Once again, I engaged child labor in the arranging of fabrics. Actually, the kids arranged the pieces magnificently, with no two bricks of the same fabric touching, and then I got the strips mixed up and could never replicate what they had done, so the final arrangement is not quite as good as what the children came up with.



I know the quilters out there will appreciate this photo! Poor Steve had to hold up my quilt and endured criticisms such as "the top of the quilt is sagging down a bit, please straighten!" and "straighter please!" This is his "WHAT DO YOU WANT ME TO DO NOOOOOOOWWWWW" face. #husbandofsewistproblems

I agonized a bit over how I should quilt over the brick piecing. Horizontal lines seemed too boring. Diagonal lines would require a lot of marking. I did some internet searching and found some examples of wavy lines, which I really liked, but I had never quilted with any kind of curved lines before! Well, I decided to try it anyway, and I'm happy to say, it was SO easy and I am really happy with the final results! I just sewed wavy, intersecting lines, across the quilt, without much of a plan, until I was happy with how it looked. There are a few lines that are not as smooth as I would have ideally preferred, and one or two tiny puckers on the back, but nothing that warranted unpicking. Although this quilting, like all quilting, gave me a back and shoulder ache, I was able to quilt the entire thing in an afternoon. I will definitely be revisiting organic wavy line quilting for future quilts!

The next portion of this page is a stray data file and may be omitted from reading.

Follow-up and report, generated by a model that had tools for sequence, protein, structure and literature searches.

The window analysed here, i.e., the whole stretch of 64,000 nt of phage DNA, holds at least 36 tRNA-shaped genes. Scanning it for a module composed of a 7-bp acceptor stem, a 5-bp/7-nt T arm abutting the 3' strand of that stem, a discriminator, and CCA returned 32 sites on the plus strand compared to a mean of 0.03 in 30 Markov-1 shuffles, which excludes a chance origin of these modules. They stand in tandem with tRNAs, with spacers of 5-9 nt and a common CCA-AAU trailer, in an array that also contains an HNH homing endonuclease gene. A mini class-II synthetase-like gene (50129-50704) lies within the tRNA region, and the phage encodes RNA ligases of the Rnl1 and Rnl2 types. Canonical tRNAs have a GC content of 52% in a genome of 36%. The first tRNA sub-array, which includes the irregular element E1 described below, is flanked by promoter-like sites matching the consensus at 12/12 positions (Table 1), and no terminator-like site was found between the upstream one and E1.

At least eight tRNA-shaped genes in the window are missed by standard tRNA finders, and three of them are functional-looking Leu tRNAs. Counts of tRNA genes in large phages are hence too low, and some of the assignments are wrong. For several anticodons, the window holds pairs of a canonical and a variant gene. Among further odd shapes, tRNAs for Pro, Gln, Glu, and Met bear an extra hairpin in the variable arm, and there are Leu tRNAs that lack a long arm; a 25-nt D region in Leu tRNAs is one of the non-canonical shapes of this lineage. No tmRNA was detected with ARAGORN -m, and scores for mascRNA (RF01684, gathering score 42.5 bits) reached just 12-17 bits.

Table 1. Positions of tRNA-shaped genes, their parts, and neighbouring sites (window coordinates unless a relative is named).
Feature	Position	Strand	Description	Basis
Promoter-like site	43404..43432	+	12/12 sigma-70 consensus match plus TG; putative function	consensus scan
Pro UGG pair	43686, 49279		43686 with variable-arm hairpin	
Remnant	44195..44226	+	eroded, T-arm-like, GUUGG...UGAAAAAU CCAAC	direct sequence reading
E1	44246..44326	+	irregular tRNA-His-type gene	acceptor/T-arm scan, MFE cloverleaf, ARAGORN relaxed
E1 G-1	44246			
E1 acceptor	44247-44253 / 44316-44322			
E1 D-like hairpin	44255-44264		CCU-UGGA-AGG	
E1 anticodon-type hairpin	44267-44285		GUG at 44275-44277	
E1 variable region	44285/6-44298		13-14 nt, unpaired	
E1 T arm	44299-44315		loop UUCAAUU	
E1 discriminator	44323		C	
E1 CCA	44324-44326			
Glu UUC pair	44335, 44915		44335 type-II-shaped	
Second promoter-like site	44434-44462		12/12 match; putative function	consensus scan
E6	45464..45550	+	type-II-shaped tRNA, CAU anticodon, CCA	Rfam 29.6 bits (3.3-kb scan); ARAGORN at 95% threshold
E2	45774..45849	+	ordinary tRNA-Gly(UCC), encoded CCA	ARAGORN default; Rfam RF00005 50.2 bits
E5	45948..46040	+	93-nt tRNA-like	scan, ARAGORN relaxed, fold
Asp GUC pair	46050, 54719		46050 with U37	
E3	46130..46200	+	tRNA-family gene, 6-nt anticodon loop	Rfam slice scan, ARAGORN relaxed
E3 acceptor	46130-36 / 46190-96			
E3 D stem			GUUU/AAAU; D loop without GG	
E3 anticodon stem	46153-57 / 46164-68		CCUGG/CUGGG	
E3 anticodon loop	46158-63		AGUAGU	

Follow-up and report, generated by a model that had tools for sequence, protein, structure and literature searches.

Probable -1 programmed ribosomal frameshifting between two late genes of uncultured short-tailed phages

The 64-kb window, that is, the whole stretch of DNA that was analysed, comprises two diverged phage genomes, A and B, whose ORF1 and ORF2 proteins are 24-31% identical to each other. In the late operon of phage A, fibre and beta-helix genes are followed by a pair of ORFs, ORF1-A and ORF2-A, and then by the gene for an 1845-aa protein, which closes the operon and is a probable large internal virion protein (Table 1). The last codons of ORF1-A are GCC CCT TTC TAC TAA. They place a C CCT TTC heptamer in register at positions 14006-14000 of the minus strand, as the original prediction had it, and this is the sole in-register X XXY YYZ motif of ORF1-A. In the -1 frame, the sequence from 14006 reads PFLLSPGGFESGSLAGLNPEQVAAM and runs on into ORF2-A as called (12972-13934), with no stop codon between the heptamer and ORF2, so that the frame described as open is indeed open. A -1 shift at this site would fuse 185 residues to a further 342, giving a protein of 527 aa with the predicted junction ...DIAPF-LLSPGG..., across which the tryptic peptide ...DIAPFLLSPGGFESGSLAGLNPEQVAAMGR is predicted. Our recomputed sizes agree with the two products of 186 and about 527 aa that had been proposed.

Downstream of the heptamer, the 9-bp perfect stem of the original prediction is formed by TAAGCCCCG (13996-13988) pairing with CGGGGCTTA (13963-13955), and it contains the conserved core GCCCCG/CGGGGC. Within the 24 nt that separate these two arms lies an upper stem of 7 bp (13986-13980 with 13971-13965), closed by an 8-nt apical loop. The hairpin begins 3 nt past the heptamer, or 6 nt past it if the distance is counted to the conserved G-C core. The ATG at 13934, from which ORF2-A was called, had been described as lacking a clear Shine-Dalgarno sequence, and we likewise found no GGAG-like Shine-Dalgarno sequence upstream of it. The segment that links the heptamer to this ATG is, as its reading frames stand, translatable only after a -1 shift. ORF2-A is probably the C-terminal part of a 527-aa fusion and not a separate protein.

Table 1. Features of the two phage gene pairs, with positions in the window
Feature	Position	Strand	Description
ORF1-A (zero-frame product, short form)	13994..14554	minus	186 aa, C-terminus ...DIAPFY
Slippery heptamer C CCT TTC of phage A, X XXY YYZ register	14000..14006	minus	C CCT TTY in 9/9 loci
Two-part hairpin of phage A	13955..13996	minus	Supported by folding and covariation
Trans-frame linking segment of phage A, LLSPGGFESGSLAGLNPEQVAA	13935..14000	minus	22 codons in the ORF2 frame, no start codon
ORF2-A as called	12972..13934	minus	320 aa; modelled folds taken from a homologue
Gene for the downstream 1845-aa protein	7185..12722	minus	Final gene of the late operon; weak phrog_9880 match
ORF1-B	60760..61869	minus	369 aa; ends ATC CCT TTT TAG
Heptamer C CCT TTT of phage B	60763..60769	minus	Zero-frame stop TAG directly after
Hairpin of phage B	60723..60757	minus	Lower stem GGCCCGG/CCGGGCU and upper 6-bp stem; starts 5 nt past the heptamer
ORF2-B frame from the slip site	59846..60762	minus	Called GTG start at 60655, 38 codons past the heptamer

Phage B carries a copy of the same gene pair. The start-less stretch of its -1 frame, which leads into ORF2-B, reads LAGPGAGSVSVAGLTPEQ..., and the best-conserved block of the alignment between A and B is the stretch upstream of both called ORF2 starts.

I dropped off the banner and quilt with the new family last night, and was delighted that the quilt matches the artwork they just ordered for the nursery. And baby, while TINY, is strong and doing well!

I will leave you with some cute photos I took of Maggie on the quilt.


She is just so exuberant! So full of life.


As always, thanks for reading!

- Inder





3 comments:

  1. Those are beautiful, loving gifts, and I am sure they will be deeply cherished. (Your stash must be incredible, if this is a sampling of it.) And Maggie! What a dear little girl.

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  2. What lovely gifts. I hope your friend and her family have seen the last of their bad luck.

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  3. Aw that's lovely Inder. It's funny to think that come the apocalypse, our sewing super powers may actually be some use after all. I like the puffy double thick felt letters too.